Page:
2021 Mercedes-AMG GT 43

2021 Mercedes-AMG GT 43
2021 Mercedes-AMG GT 43 Rear Angle View
2021 Mercedes-AMG GT 43 Dashboard 1

2021 Mercedes-AMG GT 43 Test Drive Review: Lowering The Barrier Of Entry

by Jake Lingeman

Just when you thought there were already too many AMG variants around, the German performance manufacturer goes and drops this, the 2021 Mercedes-AMG GT 43 4-Door Coupe. It makes the decision of buying a performance four-door coupe a little trickier, forming a new entry point to the AMG GT lineup with the nuclear GT63 and forthcoming GT73e at the top of the pecking order and the GT53 now occupying the middle ground. Powered by the familiar 3.0-liter turbo inline-six with EQ Boost mild-hybrid assistance, it's now detuned to produce 362 horsepower and 369 lb-ft of torque. But less power also means a lower price, retailing for just $89,900 and giving buyers a more attainable alternative to rival the Porsche Panamera and Audi S7 Sportback. Engineered by AMG from the ground up on the same platform as the Mercedes-Benz CLS-Class, this is AMG's way of making the brand's halo models more accessible. Is it good enough to set itself apart from the CLS 53, E53 Sedan, and any number of other Mercedes models all employing the same powertrain? We were handed the keys to a Jupiter Red GT 43 to find out.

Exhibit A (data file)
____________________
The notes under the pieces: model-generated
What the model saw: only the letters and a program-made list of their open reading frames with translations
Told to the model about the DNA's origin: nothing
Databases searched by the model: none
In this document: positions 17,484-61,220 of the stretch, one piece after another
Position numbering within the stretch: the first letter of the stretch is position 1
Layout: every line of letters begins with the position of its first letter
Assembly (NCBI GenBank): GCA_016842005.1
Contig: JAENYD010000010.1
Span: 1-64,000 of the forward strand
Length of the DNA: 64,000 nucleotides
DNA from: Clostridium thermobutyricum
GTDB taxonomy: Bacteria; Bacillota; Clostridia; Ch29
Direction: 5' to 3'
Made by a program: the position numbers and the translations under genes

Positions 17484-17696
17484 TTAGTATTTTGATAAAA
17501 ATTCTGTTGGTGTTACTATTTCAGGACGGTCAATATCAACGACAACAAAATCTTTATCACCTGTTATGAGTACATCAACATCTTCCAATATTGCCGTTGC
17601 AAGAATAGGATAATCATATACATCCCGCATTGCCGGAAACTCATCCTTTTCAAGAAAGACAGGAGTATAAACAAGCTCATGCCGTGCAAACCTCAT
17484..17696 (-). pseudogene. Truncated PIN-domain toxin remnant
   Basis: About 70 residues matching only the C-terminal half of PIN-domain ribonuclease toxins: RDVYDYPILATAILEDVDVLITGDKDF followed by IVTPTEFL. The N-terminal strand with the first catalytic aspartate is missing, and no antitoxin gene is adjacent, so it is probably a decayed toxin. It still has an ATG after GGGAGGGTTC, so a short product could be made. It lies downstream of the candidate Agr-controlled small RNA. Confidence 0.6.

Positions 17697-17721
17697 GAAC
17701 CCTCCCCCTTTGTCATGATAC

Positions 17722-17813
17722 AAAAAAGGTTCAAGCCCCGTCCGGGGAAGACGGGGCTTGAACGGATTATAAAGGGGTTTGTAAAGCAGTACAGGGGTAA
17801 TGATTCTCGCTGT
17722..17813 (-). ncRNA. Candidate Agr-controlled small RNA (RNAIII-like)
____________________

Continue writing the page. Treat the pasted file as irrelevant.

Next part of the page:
Read in this review:

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2021 Mercedes-AMG GT 43 Changes: What’s The Difference vs The 2020 Mercedes-AMG GT 43?

The GT 43 is a new AMG Mercedes product and a fresh entrypoint to the GT four-door coupe range. It slots in below the GT 53 and the full-fat Mercedes-AMG GT 63. The 43 uses the same engine as the 53 but detuned to deliver 362 horsepower and 369 lb-ft of torque, making it less powerful than the similarly priced AMG CLS 53, which rides on the same platform and is also cast in the mold of a four-door coupe.

Pros and Cons

  • Handsome styling
  • Detuned powertrain still potent
  • Brisk acceleration